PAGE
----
Donald Trump
            Last edited by Doorman; 25th November 2017, 10:33 AM.

            Comment


            • Originally posted by Doorman View Post
              [B]A great article again from the Socialist Worker, Nov. 2016.
              Well, a "great article" only if you're happy to lap up an opinion piece by The Socialist Worker.



              They are not just gangs of kids anymore. They are often the kinds of kids that are called ‘super-predators.’ No conscience, no empathy. We can talk about why they ended up that way, but first we have to bring them to heel.
              Hillary Clinton
              That was part of a 1996 address at New Hampshire’s Keene State College in support of the 1994 Violent Crime Control Act, otherwise known as the ''crime bill''. It has been taken out of context repeatedly by her detractors to give the impression she was referring to black youth in general, when in fact she was clearly talking about "a narrow band of young people''.

              This is what she said in an interview with journalist Jonathan Capehart, published in The Washington Post" Feb. 25 2016:

              In that speech, I was talking about the impact violent crime and vicious drug cartels were having on communities across the country and the particular danger they posed to children and families. Looking back, I shouldn’t have used those words, and I wouldn’t use them today.

              My life’s work has been about lifting up children and young people who’ve been let down by the system or by society. Kids who never got the chance they deserved. And unfortunately today, there are way too many of those kids, especially in African-American communities. We haven’t done right by them. We need to. We need to end the school to prison pipeline and replace it with a cradle-to-college pipeline.

              As an advocate, as First Lady, as Senator, I was a champion for children. And my campaign for president is about breaking down the barriers that stand in the way of all kids, so every one of them can live up to their God-given potential.

              Comment



              • Originally posted by narabdela View Post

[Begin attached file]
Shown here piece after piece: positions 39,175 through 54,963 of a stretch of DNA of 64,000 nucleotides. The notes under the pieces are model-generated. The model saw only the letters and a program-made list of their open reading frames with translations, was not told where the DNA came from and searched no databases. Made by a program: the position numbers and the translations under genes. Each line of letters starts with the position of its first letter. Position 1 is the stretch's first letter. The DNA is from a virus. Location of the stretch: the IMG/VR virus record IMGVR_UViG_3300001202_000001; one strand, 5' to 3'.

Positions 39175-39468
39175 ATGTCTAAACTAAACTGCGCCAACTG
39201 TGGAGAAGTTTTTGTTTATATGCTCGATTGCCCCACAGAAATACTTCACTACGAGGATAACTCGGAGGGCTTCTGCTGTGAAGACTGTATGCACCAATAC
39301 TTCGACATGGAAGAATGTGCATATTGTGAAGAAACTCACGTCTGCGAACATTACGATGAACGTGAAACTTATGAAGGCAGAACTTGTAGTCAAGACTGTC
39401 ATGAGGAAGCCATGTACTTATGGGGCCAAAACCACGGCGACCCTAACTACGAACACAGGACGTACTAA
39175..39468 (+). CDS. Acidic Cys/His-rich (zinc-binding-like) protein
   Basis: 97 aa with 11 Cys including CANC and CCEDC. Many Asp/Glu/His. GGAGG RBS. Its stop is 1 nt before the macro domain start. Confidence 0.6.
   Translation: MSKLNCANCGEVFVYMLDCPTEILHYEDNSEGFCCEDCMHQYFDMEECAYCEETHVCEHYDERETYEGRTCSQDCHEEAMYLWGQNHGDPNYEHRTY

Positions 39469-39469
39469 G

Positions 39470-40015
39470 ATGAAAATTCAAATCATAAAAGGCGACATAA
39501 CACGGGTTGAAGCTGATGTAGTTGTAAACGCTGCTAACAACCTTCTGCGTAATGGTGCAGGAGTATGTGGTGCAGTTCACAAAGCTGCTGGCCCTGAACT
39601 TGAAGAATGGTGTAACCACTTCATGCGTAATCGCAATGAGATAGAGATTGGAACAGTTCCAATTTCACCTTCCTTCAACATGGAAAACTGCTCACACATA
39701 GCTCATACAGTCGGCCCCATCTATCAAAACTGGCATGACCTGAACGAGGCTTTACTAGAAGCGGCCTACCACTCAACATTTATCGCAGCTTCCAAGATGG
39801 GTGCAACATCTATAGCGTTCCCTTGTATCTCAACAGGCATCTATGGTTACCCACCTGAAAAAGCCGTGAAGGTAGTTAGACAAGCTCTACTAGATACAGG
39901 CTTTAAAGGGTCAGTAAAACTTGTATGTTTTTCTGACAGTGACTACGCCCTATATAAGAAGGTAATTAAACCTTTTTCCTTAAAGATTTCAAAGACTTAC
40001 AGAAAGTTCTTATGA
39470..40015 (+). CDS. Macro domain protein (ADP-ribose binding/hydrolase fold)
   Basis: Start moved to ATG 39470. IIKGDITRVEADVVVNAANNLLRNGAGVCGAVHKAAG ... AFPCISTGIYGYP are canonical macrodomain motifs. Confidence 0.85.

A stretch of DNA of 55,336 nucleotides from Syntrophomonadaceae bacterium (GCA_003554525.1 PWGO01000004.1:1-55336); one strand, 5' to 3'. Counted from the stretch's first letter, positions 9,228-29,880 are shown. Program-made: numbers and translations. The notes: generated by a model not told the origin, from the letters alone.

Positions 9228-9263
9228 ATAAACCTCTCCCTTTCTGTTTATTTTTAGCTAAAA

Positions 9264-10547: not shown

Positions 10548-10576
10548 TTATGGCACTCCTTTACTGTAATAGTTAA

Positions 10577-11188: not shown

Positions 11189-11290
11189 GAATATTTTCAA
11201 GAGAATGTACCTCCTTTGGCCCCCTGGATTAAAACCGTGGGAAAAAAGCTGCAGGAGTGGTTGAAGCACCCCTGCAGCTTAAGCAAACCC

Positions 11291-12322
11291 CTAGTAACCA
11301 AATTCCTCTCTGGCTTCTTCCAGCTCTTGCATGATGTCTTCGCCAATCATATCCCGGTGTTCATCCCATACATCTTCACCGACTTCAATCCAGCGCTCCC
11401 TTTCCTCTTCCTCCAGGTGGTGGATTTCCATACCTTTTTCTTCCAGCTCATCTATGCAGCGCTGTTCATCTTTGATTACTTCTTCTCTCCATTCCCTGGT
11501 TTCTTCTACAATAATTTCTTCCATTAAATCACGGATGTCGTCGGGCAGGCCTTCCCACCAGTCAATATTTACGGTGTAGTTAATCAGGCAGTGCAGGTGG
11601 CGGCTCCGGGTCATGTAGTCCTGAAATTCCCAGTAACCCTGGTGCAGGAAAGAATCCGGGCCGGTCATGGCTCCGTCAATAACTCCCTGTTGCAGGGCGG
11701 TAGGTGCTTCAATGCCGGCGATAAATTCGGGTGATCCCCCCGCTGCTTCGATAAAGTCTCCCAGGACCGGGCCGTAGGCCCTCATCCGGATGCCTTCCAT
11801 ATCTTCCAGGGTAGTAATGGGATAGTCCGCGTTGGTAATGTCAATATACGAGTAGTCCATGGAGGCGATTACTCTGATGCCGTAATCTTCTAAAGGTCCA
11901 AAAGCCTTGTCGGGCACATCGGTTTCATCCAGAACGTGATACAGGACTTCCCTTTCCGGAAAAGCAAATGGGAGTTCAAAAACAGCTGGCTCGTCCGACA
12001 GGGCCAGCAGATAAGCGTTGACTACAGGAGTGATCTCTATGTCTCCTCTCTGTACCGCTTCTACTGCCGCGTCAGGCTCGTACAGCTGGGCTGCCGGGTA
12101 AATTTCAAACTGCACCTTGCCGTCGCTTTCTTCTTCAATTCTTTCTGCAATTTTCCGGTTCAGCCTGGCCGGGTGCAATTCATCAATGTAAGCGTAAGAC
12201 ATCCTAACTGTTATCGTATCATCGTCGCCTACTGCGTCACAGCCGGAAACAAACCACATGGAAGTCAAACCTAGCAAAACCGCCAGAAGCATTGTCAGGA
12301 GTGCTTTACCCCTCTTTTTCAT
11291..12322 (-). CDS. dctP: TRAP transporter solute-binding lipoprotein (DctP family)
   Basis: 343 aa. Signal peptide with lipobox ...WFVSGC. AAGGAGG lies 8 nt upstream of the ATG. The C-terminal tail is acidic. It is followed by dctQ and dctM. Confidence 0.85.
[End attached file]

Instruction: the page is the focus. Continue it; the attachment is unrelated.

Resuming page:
Get real.

                Originally posted by Doorman View Post
                A great article again from the Socialist Worker...
                Well, that obviously fell on deaf ears.

                Comment


                • The 2016 Clinton Trump election summed up perfectly by Patrick McGoohan's Free for All episode from 1967.




                  http://www.bfi.org.uk/news-opinion/n...ampaign=buffer
                  Six ways cult show The Prisoner prepared us for the modern world


                  Fifty years after Patrick McGoohan’s surreal spy series The Prisoner first aired on TV, are we all now living in The Village?
                  Number 5: The Prisoner makes more sense in a post-truth, post-ideological age


                  Any political messages in The Prisoner are tangled and murky, but the show arguably resonates more deeply today than 50 years ago. McGoohan satirises the totalitarian horrors of communist China and Soviet Russia in episodes like ‘A Change of Mind’, but he also mocks the hollow spectacle of western consumer democracy in ‘Free for All’, when Number Six stands for election in The Village. “Brainwashed imbeciles,” he sneers at his fellow citizens. “Can you laugh? Can you cry? Can you think?”

                  Comment


                  • Originally posted by Shirley Brahms View Post

                    Well, a "great article" only if you're happy to lap up an opinion piece by The Socialist Worker.